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Betsileo originated in this way (Kottak 1980; Claessen 2000, 2004). In Greece this process was called synoikismos. Population concentration contributed in a rather significant way both to the urbanization and state formation process and development6. In particular, the density of contacts within a polity is a very important factor of state formation ( 20012006; 2006). And, as this density is higher in urban than rural societies, the politogenetic processes within them have certain peculiarities in comparison with those societies that lack cities. Thus, state formation is connected rather tightly with city formation even though the correlation between the presence of the state and the presence of the cities is still far from 100%, though it is quite high as some scholars, for example, Adams (1966) believed. Adams, in fact, considered the presence of cities a necessary characteristic of the state. Of course, this relationship is not coincidental as economic, social, and many political processes (including the ones involving the institution of the state itself) of the state are intertwined with urbanization processes; to some extent they are based on it. On the other hand, the state influences urbanization processes. The state is a complex integrative institution that concentrates the development of many relationships within itself. Similarly, the city also implies a complex concentration consisting of geographical, social, political, and sacral, resources and assets. "The city is a direct territorial concentration of a multiplicity of heterogeneous forms of human activities" ( 1995: 23). Hence, most factors of politogenesis and state formation are connected with urbanization. The development of religion and the rulers' sacralization is inevitably connected with the development of temple systems, temple cities, or cities that acted as centers of religious life. The immense role of the military in the formation of the state is very well known (Ambrosino 1995; Carneiro 1970, 1978; Southall 2000), and it is not coincidental that fortress cities were a predominant type of cities in the period in question. On the other hand, military devastation was one of the most important causes for the destruction and death of cities and the decline of a city's population. The formation of an elite played a pivotal role in these processes, but the elites tended to concentrate just in cities. It is also quite clear that the processes of social stratification and class formation proceeded in many ancient agricultural societies under a considerable influence of the "urban revolution" ( 1986: 22). The state is impossible without centralized power (see, e.g., Claessen 1978: 586588; Claessen and Oosten 1996: 2; Claessen and van de Velde 1987: 16; Ember and Ember 1999: 158, 380; Fortes and Evans-Pritchard 1987/1940; Haas 2001: 235; Spencer 2000: 157, etc.; see also 20012006; Grinin 2003, 2004). Hence, we believe that the relationship between urbanization and the6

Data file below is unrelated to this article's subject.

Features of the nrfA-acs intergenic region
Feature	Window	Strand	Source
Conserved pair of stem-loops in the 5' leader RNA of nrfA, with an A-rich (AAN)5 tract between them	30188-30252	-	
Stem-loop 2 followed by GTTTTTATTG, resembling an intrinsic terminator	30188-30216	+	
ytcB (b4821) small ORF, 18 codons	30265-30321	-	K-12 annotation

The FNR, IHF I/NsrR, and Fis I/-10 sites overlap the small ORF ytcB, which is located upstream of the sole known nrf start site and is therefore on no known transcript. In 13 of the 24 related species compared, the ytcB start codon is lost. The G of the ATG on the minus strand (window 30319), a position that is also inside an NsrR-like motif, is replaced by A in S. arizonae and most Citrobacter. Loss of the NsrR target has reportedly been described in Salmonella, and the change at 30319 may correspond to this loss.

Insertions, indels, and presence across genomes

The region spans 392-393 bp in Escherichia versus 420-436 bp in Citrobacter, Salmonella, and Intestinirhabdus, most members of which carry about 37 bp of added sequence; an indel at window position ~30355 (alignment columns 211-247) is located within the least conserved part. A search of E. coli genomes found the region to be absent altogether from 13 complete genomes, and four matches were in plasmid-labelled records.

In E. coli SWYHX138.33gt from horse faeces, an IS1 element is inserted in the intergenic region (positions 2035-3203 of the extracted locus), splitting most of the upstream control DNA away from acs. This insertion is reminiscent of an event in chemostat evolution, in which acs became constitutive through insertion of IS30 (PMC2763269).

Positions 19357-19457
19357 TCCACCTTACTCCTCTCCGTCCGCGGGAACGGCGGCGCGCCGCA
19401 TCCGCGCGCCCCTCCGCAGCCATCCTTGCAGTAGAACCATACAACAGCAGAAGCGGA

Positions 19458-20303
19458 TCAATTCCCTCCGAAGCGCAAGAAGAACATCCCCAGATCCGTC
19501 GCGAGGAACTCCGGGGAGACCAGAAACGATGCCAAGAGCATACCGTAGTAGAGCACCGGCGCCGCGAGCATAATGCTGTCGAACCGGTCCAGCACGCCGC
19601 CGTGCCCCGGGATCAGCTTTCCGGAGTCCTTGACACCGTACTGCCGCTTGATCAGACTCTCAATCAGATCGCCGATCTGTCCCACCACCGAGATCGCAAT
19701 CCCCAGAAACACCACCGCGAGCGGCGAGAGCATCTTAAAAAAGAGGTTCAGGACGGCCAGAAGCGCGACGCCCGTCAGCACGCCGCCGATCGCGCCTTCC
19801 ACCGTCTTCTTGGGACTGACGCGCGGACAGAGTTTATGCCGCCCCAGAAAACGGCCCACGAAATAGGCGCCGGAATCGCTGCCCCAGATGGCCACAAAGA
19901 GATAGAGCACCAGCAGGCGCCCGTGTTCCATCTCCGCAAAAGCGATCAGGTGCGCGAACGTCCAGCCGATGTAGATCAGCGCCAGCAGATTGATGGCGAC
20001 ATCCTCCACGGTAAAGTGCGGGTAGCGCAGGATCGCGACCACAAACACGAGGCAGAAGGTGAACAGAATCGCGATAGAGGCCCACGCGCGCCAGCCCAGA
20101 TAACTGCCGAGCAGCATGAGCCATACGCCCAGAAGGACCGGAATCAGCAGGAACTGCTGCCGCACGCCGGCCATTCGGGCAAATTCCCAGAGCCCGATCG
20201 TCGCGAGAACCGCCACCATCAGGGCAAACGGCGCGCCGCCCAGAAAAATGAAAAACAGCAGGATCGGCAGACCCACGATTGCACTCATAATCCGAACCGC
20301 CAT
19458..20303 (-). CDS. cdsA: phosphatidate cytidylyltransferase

The population concentration leads to the spatial structurization of settlements, to which so much attention is paid by modern archaeologists (see, e.g., 1986). And the higher the demographic density, the more pronounced the structurization (including the spatial structurization) ( 1991: 91).
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evolution of statehood is especially transparent with respect to the formation and development (as well as the influence on social life) of the central settlement of the state (that is, its capital [see below for more detail]). Most frequently centralized power is geographically materialized as the main settlement of a country, its capital (though there were some exceptions like the empire of Charlemagne that lacked a real capital city [ 2005: 221]). The role of centralized power is especially significant in large developed states. It is difficult to overestimate the role of such gigantic urban centers as Rome, Constantinople/Istanbul, Moscow and so on in the life of their respective empires; and it is important to note that the population concentration of these cities was exceptionally high. It is also necessary to note that the vector of the state's activities largely determines the process of urbanization: its intensity and direction, as well as the concrete transformations of concrete cities. By "concrete transformation" we mean the construction of fortresses, the destruction of cities during wars, the creation of cities as base stations or trade factories in conquered territories (as was done, for example, by Alexander the Great), as well as with colonization activities (as was typical for the Phoenicians, Greeks, Genoese, etc.). Sometimes the destruction of and enemies' cities and deportation of their population fed the growth of the victors' capitals, as this happened, for example, in the 14 th century with Samarkand (to where craftsmen from conquered cities were deported by Timur en mass). In a number of early and developed states, political changes were connected with the transfer of the capital from one city to another, or the construction of a new capital. For example, in Japan in 639 CE the capital was transferred by Emperor Jomei ( 1987: 34); Sargon the Great made a previously unimportant town Akkad his capital ( 2000: 57). Andrew the Pious established his capital in the Vladimir-Suzdal Principality in a new town, Vladimirna-Klyazme ( 1966: 617). One can easily recollect cases when capitals were erected "at a blank space", as happened, for example, during the formation of the Golden Horde. As an example from the history of the developed states one may mention the transfer by the pharaoh-reformer Akhenaten of the Egyptian capital to the newly-built Akhetaten ("Horizon of Aten") named after the newly introduced single deity Aten (see, e.g., Trigger 2001: 78; 2000: 377382). Another famous example is the erection of the new Russian capital Saint Petersburg by Peter the Great . The processes of the growth and development of capitals (as well as the urbanization as a whole) could be also affected by such political factors as the struggle against separatism and other activities aimed at strengthening centralized power. For example, for these purposes the center tried to attract the nobility to the capital, and sometimes their representatives (or children) were kept in the capital as honorable hostages to insure the loyalty of their parents and relatives; some ancient Chinese states of the Zhou period (Johnson and Earle 2000: 294; Pokora 1978: 203) or Benin ( 2001: 222223) could be men-